Friday, February 18, 2011

Music Library: Minutemen

I submit to you that the Minutemen were the greatest of American punk bands.  They were the Platonic ideal of a rock band: three guys having adventures, asking big questions, searching for enough scratch to do it again tomorrow, making music that drew on wildly different sources into something wholly unlike what had come before it.  They traveled the same circuit and played the same shows as hardcore bands, but all their sound shared with hardcore were anger and brevity.  Instead of drawing on metal and the Ramones, the Minutemen built their sound from the angular art-rock of Captain Beefheart, Wire, and The Pop Group, which meshed with their influences from their beloved Creedence Clearwater Revival and Blue Oyster Cult into short, complex songs with passion, humor, and sweet heavens, how much fun.  Dennes "D." Boon on guitar and vocals.  Mike Watt on thunderbroom and vocals.  George Hurley all over the damn drumset. They weren't lying when they sang, "our band could be your life."

Paranoid Time EP, Georgeless EP and "9:30 May 2" from the Cracks In The Sidewalk compilation (1980). No distorted guitars here and a good sense of space, but if D. Boon had owned a Rat pedal, Paranoid Time could have been a Minor Threat album.  The Georgeless EP was recorded before George Hurley joined the band, and has a guy named Frank Tonche on drums.  Not the best stuff, but an auspicious beginning.

The Punch Line, Joy EP, Mabuhay Gardens October 26 1981 bootleg, "Prelude" from My First Bells compilation (all 1981), and Bean-Spill EP (1982). Their first proper album, The Punch Line is a kick in the pants.  Watt's bass skills have improved immensely since Paranoid Time, and the three-piece is already apparently sharing a single brain.  Only two songs top a minute; most are about 30-45 seconds long.  Joy is a three-song EP with excellent rapport between the band.  The Mabuhay Gardens bootleg is rather noisy.  It has an early version of their epic 45-song cover of "Ain't Talkin' 'Bout Love" and a version of "Working Men Are Pissed," which wouldn't appear on an album for three more years.  "Prelude" is a decent song.  Bean-Spill has five songs in six minutes, including the killer "If Reagan Played Disco."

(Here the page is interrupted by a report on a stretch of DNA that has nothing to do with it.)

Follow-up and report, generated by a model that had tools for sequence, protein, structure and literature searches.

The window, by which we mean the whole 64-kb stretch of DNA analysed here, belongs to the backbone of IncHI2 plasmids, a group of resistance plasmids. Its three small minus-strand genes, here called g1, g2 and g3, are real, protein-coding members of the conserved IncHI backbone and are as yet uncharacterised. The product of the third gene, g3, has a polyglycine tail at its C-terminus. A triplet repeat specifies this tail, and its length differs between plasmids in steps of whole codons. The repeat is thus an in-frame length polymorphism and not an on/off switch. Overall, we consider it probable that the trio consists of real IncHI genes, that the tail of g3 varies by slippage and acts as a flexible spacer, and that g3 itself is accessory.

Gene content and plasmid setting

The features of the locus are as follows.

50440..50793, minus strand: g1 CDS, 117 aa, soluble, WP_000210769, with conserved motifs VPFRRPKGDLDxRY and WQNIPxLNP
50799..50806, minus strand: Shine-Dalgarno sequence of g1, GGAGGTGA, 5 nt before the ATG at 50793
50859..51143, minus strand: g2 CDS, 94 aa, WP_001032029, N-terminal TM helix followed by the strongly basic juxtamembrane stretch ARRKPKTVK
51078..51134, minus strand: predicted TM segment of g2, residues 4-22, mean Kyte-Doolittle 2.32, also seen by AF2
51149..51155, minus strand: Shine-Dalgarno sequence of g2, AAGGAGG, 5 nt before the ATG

What Makes A Man Start Fires?, Buzz Or Howl Under The Influence Of Heat, and KPFK September 3 1983 bootleg (1983).  While The Punch Line was pretty good, it wasn't very funny.  What Makes A Man Start Fires? kicks off with "Bob Dylan Wrote Propaganda Songs," which simultaneously honors and mocks Dylan and includes "The Anchor," a quite touching track that at 2:33 was the longest Minutemen song to date.  The Minutemen followed up this amazing album with Buzz Or Howl Under The Influence Of Heat, which is among the greatest rock EPs ever recorded.  In less than 16 minutes, Buzz Or Howl knocks out eight tracks that veer from among the Minutemen's best ("Cut," "I Felt Like A Gringo," and "Little Man With A Gun In His Head") to very good ("Self-Referenced," "Dream Told By Moto," "The Product") to a little silly ("Dreams Are Free, Motherfucker!," "The Toe Jam"), which provides some welcome relief from the rich tension of the rest of the EP.  Altogether this EP is one of the best things of the punk era.  The bootleg is pretty great, too: the Minutemen playing acoustic for a radio show.  Performances are phenomenal and the sound is ok.